The White House and its religious and oil industry backers pin big hopes on a tiny Christian sect in war-ravaged Iraq.
Paris-based journalist Sam Preston is the only reporter to dig deep into the mysteries surrounding the explosion that leveled a church belonging to the tiny Assyrian Christian congregation on the Rue Galande. Preston is a recovering alcoholic with great writing skills and years of useful experience covering France, which he loves. His story gets the attention of Rafat Ganjibar, the obese and grandiose self-styled leader of the Assyrians, who summons the reporter to let him know of the Assyrian hope to declare an independent state for the religious minority in Iraq. Preston doesn’t know what to make of the creepy Ganjibar, nor does he know how seriously to take the offer of his French colleague Charles Dumond to include him in the investigation of some shady arms dealing that involves a disgraced resistance hero who was once the friend of the current French president. As it turns out, the arms dealing leads back to the Assyrians. And so does Princess Tawana, an American gospel singer with a French band whose breakout hit is based on her firm belief in the prophecies laid out in the Book of Revelation. The Assyrians, Princess Tawana and the arms dealers all have ties to the administration of U.S. President Jack Ritter, who, if he weren’t so short and weren’t from New Mexico, would be a dead ringer for G. W. Bush. President Ritter, taking his marching orders from his evil vice president, whose former employer would be a dead ringer for Halliburton if the oil-exploiting conglomerate weren’t so huge and cynical, is in the grip of evangelical Christians. Those Christians, like Princess Tawana, are buckling down for Armageddon, an event they await with pleasure.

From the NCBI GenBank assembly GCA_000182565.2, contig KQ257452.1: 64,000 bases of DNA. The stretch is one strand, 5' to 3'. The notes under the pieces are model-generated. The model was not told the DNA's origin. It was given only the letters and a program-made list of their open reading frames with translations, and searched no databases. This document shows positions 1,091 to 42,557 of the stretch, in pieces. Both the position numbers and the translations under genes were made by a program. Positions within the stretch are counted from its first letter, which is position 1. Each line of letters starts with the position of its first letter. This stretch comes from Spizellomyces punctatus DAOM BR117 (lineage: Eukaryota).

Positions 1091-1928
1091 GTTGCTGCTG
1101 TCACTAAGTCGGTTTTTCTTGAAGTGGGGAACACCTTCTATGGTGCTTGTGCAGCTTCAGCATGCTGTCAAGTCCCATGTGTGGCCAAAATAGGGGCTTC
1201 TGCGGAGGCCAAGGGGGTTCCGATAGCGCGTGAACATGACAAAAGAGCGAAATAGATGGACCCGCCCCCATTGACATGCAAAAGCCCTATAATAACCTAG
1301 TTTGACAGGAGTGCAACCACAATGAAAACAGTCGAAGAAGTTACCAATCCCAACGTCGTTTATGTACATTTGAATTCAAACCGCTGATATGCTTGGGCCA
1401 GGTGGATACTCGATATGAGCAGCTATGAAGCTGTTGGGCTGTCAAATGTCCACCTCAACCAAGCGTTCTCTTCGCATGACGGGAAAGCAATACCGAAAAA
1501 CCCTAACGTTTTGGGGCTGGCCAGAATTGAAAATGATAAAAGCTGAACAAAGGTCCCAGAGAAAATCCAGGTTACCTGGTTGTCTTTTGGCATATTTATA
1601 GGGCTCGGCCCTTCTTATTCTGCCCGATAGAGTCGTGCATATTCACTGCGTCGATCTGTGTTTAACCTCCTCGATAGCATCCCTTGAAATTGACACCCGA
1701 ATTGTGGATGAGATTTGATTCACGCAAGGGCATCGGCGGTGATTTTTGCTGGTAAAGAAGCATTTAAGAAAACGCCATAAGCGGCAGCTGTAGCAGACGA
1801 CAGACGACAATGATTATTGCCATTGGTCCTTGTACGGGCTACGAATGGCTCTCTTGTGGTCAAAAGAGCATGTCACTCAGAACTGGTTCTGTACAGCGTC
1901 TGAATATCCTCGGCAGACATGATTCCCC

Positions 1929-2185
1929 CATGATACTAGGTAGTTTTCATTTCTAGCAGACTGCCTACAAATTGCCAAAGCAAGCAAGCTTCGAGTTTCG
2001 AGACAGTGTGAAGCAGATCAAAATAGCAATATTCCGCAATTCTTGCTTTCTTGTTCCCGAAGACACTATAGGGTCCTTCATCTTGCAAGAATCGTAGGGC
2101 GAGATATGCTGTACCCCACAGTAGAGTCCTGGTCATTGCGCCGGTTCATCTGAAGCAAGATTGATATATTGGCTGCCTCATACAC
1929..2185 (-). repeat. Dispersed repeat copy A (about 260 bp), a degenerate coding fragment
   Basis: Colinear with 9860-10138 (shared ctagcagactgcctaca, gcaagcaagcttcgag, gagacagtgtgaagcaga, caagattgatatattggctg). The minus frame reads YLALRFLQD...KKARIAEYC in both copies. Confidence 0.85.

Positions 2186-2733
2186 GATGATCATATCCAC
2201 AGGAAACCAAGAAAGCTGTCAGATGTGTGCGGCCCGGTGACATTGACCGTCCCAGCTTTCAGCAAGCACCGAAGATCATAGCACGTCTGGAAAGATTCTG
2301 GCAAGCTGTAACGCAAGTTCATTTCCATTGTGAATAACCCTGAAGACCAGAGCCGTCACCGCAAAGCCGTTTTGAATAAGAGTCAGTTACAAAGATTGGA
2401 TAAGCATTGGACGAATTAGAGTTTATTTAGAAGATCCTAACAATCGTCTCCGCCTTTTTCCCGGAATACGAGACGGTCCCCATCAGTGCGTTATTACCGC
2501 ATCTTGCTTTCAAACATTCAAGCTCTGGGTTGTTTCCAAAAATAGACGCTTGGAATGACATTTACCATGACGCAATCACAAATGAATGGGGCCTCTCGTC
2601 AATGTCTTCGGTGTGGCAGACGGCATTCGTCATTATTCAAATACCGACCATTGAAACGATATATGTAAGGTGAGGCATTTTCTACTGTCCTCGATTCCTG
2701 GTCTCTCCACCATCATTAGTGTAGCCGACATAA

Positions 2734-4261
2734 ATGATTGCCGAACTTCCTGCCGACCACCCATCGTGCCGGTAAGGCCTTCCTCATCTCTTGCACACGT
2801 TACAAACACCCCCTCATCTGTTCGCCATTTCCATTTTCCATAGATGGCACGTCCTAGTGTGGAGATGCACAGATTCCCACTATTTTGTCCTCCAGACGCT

Clunky writing and a rabidly partisan view hobble the thrills, but not fatally.